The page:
Don Quixote would have thought twice about this one. Nearly 200 feet tall, this towering structure stands out in the windblown desert near Palm Springs -- the most powerful wind turbine operating in the nation today and the first large-scale machine in the Golden State's history to provide wind-generated electricity for customers of an electric utility.
Dedicated by Southern California Edison just a month ago, the wind turbine is expected to serve up to 1,000 customers. And though it is regarded as a strictly experimental project, the machine nonetheless serves as visible proof of alternative energy exploration in a state considered to be one of the country's most aggressive promoters and developers of wind energy.
"Wind energy certainly has prospects for commercial viability," says Dr. Frank Goodman of the Electric Power Research Institute (EPRI), which serves as a research center for some 300 utilities. "We don't know for certain yet, so people are trying to remain neutral and just see what happens."
But, continues Dr. Goodman, who is EPRI's project manager for wind power systems, "all the signs to date have been very promising that these machines will perform."
Although large-scale use of wind energy is still in its early phases, experts say it may play a bigger role -- and do it sooner -- than solar energy. That, they say, is because wind energy technology is further advanced and its economic feasibility is increasing rapidly.
California, along with Hawaii and Oregon, has been at the forefront in developing wind energy. Already the state, with its windy mountain passes and desert plains, has set a goal of supplying 10 percent of its energy needs with some 2,000 wind turbines by the year 2000.
There are two policy levers working on behalf of wind power in California: Gov. Edmund G. Brown Jr.'s discouragement of investment in nuclear power and the California Energy Commission's efforts to make alternative energy investment as inviting as possible.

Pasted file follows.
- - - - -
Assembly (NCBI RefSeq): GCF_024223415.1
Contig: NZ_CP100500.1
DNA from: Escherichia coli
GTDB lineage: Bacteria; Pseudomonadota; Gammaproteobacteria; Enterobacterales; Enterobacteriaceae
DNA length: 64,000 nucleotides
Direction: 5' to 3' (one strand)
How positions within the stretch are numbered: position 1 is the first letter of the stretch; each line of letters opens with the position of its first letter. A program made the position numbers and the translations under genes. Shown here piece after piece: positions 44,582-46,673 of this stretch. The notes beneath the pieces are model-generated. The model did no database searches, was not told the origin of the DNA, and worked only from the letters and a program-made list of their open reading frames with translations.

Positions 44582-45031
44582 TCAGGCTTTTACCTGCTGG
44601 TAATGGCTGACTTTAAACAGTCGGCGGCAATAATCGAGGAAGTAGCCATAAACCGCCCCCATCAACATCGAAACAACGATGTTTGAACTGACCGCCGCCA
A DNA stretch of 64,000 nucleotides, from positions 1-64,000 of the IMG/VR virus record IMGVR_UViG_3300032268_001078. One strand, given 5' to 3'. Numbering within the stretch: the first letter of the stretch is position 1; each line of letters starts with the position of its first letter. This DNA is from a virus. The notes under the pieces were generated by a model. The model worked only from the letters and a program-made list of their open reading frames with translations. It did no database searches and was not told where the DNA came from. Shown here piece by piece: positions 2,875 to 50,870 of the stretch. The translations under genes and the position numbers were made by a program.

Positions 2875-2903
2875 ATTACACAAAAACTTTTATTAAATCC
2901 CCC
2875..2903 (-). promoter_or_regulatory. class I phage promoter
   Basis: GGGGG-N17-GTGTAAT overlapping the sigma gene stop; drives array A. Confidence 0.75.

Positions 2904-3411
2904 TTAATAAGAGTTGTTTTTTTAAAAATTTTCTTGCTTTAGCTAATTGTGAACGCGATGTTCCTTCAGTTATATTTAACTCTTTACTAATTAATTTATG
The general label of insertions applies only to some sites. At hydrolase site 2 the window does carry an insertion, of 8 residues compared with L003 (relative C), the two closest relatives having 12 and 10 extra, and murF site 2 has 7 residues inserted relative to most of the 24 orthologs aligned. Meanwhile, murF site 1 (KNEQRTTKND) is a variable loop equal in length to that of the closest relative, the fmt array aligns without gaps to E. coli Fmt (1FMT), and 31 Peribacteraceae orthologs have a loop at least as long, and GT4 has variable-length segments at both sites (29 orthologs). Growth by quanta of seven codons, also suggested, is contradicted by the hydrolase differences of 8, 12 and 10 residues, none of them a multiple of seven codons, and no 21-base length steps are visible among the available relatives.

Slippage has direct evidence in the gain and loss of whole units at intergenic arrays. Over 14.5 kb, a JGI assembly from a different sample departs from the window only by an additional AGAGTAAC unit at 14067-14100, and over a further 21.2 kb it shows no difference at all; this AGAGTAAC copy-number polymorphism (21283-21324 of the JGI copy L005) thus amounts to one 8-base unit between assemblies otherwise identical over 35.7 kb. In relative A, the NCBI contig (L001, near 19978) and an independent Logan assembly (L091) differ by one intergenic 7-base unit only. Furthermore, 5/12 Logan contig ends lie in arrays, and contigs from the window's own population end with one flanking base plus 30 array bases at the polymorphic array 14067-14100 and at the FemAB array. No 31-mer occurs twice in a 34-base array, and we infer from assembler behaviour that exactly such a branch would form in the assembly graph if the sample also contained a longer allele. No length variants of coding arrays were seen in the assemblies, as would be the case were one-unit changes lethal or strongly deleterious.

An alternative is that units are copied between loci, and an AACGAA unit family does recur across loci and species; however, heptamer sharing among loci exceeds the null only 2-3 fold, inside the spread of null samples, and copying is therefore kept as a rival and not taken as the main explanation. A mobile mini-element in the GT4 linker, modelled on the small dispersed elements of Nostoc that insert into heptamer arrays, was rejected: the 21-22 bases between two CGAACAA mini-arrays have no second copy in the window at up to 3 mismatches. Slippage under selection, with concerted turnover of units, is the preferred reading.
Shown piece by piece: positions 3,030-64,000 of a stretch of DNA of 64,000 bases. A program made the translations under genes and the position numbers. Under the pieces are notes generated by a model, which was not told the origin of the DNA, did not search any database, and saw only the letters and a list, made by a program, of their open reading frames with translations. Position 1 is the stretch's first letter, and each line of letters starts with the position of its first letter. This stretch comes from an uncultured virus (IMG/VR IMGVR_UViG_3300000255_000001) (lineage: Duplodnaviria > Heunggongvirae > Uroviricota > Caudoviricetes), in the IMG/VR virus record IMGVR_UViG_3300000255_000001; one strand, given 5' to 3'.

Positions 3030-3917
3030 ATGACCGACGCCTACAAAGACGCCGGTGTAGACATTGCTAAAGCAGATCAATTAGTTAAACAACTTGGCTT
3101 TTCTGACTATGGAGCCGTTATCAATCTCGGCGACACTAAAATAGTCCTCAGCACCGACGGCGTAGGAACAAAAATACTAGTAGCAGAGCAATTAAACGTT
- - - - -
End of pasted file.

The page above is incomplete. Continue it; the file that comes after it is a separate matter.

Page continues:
Currently, homeowners who install some sort of wind-powered generator can reap a 55 percent state tax credit. If energy commission officials get their way, similar investment and other tax credits will soon be available for commercial users.
In addition, the commission is hosting a wind energy conference this spring, aimed at luring financial "heavyweights" into the field by explaining investment opportunities to them.
The commission also has funded various demonstration projects, including a 25 - kilowatt wind turbine to be used at a milk bottling plant in a northern California city.
In a recent preliminary study of the state's wind resources, the commission found that at least 13,000 megawatts -- substantially more than the state's year 2000 goal of 8,000 megawatts -- could be generated by the California winds.
In the private sector, Southern California Edison ranks at the top of the list of US utilities experimenting with wind power.
Many utilities in the United States have made studies of potential wind power sites. Others, including companies in northern California, Oregon, and Hawaii, are either planning or are already committed to building experimental turbines. But, according to EPRI, Southern California Edison (SCE) is one of "a very few" utilities to actually spend money on a largescale generator.
SCE officials point out that wind energy will never replace other more-conventional fuels. However, the utility recently revised its future resource generating schedule to include a commitment of 120 megawatts of wind-generated power by the year 1990 -- 40 times more power than is produced by its current wind turbine, or enough to save approximately 400,000 barrels of oil per year.
SCE is pushing toward its goal with the construction this spring of another experimental turbine -- this one shaped like a giant egg beater -- and with negotiations to buy wind power from private entrepreneurs who will generate it on their own small-scale "wind farms."
"This is really the beginning of large-scale use," says Bob Thomas, wind energy program manager for the California Energy Commission.
"Our goal here," he continues, "is to work ourselves ou t of a job. We want to turn it over to the private sector.